A. Richard Allen’s genius Trump Wave illustration unsurprisingly came out on top at this year's V&A Illustration Awards. Winners from each category were announced at the awards ceremony last night at the museum. A. Richard Allen was announced winner of the Moira Gemmill illustrator of the year prize and the award's overall winner for 2017. His satirical homage to Katshushika Hokusai’s Great Wave off Kanagawa - published in The Sunday Telegraph Money - was praised by judges for invoking the "past to reinforce the reality that history matters". It also won the best editorial illustration.
Allen studied at Central Saint Martin’s College and now illustrates and paints for clients such as The New Yorker, The Guardian and The Sunday Telegraph.
Best illustrated book went to Jarvis for Alan’s Big Scary Teeth, and best book cover design was awarded to Aino-Maija Metsola for the Virginia Woolf Series. Beatriz Lostale Seijo won student illustrator of theyYear award for 'The Odyssey', and Tom Spooner was the student runner-up. See the winning work in this feature, along with the shortlisted work.
Each winner received £3,000 and a trophy. A. Richard Allen received an additional £5,000. All winning artworks will be displayed outside the V&A’s National Art Library from May 17 until August 20.
Image: Winner A. Richard Allen's Trump Wave
Artists in the shortlist for this year’s Book Illustration category included Benji Davies (whose work looks similar to Oliver Jeffers' Lost and Found), Anna+Elena Balbusso and Jarvis. Shortlisters for Book Cover Design are Joe Ciardiello, Aino-Maija Metsola and Lizzy Stewart.
Those shortlisted for the 2017 Student Illustrator of the Year award include Lucy Waldman, Beatriz Lostale Seijo, Emily Evans, Thomas Hedger (whose work we've featured here) and Tom Spooner. Gary Neill, A. Richard Allen and Nick Lowndes were in the running for the Editorial Illustration Award.
The V&A Illustration Awards have been running since 1972, with previous winners including iconic illustrators Sir Quentin Blake, Ralph Steadman and Yasmeen Ismail. Last year’s overall winner and winner of the Book Illustration category was Jason Brooks.
Other winners in 2016 include Bill Braggs' editorial illustration for The Guardian’s article published in the wake of the November 2015 terrorist attacks in Paris and David McConchie’s cover for The Folio Book of Ghost Stories.
The judging panel for 2017’s published categories is made up of Jane Scherbaum, former V&A Head of Design, Loyd Grossman, broadcaster, gastronome and art historian, and bestselling author Beryl Kingston.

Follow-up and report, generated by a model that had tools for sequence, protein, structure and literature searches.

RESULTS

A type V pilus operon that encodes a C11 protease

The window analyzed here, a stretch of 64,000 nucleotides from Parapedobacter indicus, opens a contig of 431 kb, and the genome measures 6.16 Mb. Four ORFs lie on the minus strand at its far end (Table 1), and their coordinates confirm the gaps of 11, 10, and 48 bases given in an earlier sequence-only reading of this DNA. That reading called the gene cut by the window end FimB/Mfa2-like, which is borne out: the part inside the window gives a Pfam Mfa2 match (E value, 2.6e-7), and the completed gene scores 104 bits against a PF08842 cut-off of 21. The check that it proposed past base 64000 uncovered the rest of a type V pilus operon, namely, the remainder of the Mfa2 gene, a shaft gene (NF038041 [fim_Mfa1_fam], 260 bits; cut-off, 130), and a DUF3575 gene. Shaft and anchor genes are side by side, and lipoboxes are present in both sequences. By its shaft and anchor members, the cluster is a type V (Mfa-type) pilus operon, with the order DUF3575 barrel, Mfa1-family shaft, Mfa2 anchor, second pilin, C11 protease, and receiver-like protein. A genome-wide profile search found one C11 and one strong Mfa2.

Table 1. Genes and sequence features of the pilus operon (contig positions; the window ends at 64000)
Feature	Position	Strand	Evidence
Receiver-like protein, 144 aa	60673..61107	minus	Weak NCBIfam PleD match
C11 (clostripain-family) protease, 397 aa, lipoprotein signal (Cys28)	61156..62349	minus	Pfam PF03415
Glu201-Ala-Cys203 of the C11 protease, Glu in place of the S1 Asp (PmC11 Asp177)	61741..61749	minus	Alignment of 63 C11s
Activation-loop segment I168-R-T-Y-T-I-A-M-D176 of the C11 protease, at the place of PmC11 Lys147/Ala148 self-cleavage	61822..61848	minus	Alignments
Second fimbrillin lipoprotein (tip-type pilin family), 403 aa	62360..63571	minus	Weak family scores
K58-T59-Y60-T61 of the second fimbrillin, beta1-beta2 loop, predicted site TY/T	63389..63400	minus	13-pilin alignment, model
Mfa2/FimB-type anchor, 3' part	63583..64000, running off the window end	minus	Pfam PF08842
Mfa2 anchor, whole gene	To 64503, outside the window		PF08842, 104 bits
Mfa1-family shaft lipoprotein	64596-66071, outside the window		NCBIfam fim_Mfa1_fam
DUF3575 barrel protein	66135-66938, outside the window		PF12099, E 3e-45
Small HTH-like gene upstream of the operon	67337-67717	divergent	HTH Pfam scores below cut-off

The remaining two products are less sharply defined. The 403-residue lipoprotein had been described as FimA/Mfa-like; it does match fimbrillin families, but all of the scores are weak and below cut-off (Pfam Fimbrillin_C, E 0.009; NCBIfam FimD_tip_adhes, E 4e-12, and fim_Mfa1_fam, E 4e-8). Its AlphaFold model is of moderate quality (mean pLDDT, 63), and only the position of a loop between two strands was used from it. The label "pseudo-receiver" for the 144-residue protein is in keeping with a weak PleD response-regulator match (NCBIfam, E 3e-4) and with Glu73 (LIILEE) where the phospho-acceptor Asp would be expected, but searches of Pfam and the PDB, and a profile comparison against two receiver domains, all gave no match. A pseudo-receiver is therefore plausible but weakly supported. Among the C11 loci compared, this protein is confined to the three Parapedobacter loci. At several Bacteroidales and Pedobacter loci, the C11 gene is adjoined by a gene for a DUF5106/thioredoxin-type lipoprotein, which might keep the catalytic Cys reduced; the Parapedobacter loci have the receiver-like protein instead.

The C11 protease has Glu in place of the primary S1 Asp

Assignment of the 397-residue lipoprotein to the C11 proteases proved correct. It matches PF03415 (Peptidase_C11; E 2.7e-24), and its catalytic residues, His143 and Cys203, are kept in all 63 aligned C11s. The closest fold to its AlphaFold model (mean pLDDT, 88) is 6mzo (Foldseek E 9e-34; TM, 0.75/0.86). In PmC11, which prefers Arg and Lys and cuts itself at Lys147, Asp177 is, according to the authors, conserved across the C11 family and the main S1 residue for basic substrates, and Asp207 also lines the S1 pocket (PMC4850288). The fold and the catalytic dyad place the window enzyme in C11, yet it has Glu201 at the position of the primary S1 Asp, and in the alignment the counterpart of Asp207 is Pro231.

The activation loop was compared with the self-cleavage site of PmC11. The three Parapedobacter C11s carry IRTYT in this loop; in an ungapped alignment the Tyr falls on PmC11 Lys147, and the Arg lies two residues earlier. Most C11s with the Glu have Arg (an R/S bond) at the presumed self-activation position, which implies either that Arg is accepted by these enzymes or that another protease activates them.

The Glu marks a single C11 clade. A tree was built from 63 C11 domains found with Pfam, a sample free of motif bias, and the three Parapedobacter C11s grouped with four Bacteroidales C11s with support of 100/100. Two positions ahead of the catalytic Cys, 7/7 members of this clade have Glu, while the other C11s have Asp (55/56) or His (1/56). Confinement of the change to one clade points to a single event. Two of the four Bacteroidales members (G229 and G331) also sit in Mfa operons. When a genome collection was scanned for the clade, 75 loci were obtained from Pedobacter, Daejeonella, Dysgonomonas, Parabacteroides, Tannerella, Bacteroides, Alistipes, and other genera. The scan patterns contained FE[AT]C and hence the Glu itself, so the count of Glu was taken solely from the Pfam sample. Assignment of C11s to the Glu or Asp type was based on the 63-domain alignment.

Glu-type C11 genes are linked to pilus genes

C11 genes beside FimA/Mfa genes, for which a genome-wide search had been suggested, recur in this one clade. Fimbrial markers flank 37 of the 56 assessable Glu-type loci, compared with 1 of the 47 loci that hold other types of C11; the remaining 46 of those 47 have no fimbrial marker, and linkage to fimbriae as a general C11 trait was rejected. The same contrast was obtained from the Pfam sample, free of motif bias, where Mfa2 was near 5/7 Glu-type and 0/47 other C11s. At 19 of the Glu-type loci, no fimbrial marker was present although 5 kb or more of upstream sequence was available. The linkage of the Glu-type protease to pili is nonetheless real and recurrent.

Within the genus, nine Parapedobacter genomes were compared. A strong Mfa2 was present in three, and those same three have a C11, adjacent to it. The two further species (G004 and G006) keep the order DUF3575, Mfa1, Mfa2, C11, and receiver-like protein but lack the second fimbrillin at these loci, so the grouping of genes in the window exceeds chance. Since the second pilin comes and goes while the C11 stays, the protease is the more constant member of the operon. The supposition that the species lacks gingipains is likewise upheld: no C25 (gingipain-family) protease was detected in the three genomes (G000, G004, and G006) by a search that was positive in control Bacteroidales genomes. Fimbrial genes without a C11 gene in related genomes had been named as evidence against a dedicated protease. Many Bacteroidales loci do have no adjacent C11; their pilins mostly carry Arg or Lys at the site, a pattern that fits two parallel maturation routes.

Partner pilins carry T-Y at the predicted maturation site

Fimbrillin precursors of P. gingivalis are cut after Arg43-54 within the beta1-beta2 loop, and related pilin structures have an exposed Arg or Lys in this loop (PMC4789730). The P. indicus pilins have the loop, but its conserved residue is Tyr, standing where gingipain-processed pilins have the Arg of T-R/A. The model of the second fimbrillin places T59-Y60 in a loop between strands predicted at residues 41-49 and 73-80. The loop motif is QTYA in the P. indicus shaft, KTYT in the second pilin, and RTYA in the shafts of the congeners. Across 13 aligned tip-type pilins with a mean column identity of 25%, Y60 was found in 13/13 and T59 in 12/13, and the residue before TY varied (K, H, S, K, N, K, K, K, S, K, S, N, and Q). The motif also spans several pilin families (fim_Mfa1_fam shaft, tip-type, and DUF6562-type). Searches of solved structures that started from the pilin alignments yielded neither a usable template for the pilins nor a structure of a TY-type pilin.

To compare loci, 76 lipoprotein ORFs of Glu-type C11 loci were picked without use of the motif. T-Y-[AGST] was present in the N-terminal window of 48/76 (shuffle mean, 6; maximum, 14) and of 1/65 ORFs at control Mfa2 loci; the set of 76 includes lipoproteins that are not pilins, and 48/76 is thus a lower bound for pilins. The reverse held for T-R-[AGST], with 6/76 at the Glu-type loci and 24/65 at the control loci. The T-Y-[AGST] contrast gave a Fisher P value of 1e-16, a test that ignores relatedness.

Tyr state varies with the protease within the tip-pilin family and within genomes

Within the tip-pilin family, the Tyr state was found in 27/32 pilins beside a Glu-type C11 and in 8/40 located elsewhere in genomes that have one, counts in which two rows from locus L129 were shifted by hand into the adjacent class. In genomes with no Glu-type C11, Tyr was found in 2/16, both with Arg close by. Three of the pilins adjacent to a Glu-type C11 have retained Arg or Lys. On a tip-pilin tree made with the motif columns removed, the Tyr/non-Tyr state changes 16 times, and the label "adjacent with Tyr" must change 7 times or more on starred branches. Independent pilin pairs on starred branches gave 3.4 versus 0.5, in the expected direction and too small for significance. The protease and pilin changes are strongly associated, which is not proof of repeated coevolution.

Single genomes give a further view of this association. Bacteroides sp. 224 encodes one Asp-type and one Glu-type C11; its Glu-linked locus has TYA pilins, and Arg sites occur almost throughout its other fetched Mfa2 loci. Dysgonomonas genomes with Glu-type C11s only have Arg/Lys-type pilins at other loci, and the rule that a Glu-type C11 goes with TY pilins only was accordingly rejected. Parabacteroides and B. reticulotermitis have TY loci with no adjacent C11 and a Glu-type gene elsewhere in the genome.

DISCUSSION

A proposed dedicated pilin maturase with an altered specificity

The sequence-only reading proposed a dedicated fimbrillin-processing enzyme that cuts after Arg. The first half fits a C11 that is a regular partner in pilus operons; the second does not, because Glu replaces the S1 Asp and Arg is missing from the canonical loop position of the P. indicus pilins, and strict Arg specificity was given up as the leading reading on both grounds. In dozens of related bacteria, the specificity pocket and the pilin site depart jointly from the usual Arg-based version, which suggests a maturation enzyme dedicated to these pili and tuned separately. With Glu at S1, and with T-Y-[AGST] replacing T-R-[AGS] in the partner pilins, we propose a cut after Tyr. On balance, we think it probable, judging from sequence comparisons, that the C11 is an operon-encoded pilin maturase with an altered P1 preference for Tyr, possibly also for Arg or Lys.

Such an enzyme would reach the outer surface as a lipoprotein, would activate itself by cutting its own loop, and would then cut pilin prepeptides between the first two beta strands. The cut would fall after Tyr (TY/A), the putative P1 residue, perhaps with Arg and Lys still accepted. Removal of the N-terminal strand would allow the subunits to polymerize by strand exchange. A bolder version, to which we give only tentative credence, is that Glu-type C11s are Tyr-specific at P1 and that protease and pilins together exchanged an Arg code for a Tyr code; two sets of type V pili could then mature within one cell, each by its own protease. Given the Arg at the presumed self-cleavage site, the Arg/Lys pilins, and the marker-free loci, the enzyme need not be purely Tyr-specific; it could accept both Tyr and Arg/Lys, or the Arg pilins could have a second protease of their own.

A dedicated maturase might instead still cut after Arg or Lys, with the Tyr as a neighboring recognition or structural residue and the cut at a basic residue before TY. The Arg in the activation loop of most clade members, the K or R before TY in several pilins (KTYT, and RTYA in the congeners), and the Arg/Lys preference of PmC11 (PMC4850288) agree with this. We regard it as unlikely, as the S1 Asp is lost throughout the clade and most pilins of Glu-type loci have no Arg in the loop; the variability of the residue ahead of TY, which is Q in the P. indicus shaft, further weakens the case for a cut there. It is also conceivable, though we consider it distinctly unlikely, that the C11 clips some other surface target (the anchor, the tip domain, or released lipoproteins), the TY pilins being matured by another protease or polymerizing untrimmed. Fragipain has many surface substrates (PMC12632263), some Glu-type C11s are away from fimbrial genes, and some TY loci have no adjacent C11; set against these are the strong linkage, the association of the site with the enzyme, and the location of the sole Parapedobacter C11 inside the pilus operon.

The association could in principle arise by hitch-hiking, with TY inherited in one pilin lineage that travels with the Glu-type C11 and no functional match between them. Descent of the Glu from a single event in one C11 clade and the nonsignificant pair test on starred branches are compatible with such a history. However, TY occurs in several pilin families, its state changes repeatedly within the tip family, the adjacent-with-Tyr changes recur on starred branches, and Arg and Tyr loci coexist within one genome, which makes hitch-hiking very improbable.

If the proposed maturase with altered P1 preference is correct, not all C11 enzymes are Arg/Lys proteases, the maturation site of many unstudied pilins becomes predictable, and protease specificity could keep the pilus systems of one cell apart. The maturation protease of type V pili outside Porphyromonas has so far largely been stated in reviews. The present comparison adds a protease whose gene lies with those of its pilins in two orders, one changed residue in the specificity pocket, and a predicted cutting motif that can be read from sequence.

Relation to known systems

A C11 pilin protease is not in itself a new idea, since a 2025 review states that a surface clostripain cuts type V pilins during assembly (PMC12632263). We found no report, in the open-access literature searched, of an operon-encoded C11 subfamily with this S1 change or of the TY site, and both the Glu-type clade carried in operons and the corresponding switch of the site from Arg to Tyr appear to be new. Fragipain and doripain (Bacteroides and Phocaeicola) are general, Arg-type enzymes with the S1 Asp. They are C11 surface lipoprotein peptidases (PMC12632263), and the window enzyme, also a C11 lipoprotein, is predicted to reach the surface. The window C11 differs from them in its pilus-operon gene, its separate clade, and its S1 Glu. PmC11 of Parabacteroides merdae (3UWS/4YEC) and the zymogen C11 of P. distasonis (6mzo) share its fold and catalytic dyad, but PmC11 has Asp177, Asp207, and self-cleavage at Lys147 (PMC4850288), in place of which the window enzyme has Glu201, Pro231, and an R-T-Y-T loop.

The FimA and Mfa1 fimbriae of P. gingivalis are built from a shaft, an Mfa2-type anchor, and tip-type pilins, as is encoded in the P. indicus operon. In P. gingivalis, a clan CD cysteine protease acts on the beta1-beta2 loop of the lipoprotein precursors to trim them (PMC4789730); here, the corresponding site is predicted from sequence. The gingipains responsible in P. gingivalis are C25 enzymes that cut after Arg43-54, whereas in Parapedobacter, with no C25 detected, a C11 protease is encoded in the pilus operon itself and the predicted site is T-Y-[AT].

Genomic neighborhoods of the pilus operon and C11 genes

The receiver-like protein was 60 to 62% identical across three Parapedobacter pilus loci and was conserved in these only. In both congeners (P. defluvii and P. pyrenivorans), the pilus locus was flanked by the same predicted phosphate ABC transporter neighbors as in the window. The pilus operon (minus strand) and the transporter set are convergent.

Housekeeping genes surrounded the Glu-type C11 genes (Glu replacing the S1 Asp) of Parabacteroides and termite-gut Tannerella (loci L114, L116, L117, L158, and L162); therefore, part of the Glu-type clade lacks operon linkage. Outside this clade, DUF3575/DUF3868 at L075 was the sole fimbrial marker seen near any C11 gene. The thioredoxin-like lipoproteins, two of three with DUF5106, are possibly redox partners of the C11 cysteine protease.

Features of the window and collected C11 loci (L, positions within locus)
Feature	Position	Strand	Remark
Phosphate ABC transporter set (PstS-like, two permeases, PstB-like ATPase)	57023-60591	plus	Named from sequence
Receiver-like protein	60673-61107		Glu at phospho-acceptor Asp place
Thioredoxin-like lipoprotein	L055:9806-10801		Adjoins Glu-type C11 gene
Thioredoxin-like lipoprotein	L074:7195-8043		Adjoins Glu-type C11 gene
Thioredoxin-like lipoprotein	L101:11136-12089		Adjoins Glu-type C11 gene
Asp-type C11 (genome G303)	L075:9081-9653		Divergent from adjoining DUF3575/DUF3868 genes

For the 2017 Student Illustrator of the Year Award, the judging panel includes John O’Reilly, Editor of Varoom magazine and Jason Brooks.
Check out the winners and shortlisters for the 2017 V&A Illustration Awards in the rest of this feature.
Image: Gary Neill's Brexit - What Next published in Health & Safety was up for the editorial illustration award
Aino-Maija Metsola's cover design for Mrs Dalloway is part of Penguin's Vintage Virginia Woolf Series. The book follows one day in Clarissa Dalloway life as she is preoccupied with last-minute details of a party. As she readies her house she is flooded with memories and re-examines the choices she has made over the course of her life.
This is Jarvis' first book - Alan’s Big Scary Teeth.
The Odyssey is Beatriz Lostalé Seijo's hand-made, screen-printed imagining of Homer's epic. It is in a concertina format (comprising fourteen panels and complete with a slip-case), and includes newly-phrased exerpts. It's designed to provide both an interesting introduction to the text for younger readers and a fresh take for older fans.
Beatriz moved to England to study illustration at the Cambridge School of Art. Influenced by early twentieth century painting and design, her work is characterised by flat and limited colours. Digital media has a strong presence in her work, but she enjoys printmaking – and especially screenprinting.
Towards an Infinite Place is by Tom Spooner, a London-based illustrator and graphic artist. Thomas studied for a BA in Illustration & Visual Communication at the University of Westminster, followed by an MA in Visual Communication at the Royal College of Art.
His practise is primarily drawing and observational based.
Nick Lowndes' Samuel Johnson editorial illustration, featuring in a column for The Economist about Samuel Johnson, the 18th century lexicographer.
Joe Ciardiello's cover illustration for The Folio Society's version of John Aubrey's Brief Lives - a book humanising great figures of history such as Shakespeare, Francis Bacon and Thomas Hobbes.
Lizzy Stewart's own children's book There’s a Tiger in the Garden.
Anna+Elena Balbusso's illustration for The Folio Society's Shakespeare classic - Twelfth Night.
Favela Life is by Lucy Waldman - an illustrator living in south London. Lucy is currently studying for her BA at UCA Farnham. She uses charcoal in and graphite in her drawings, then cutting and folding to make 3D structures, as seen here.
Blood Antiquities is by Emily Evans, whose work is often inspired by dystopian stories. Most of Emily's collages include photocopying techniques, which usually form her initial ideas for a project. She's also passionate about record sleeve artwork.
Thomas’ work is consistently intriguing. He's best known for his go-to, tried-and-tested toolkit of distinct, bold lines and vibrant, block colour, he produces work of stunning scope – cheeky and serious, sad and funny, socially aware and irreverent. What really stands out is the consideration he clearly puts into whittling down complex ideas into only a few simple, bold components - such as in this personal project about an unlikely subject for illustration, petrol stations.
His work was also part of 50/50 - a collection of 50 bespoke T-shirt designs by 50 artists on sale through Everpress with half of the proceeds going to UK charity Trekstock.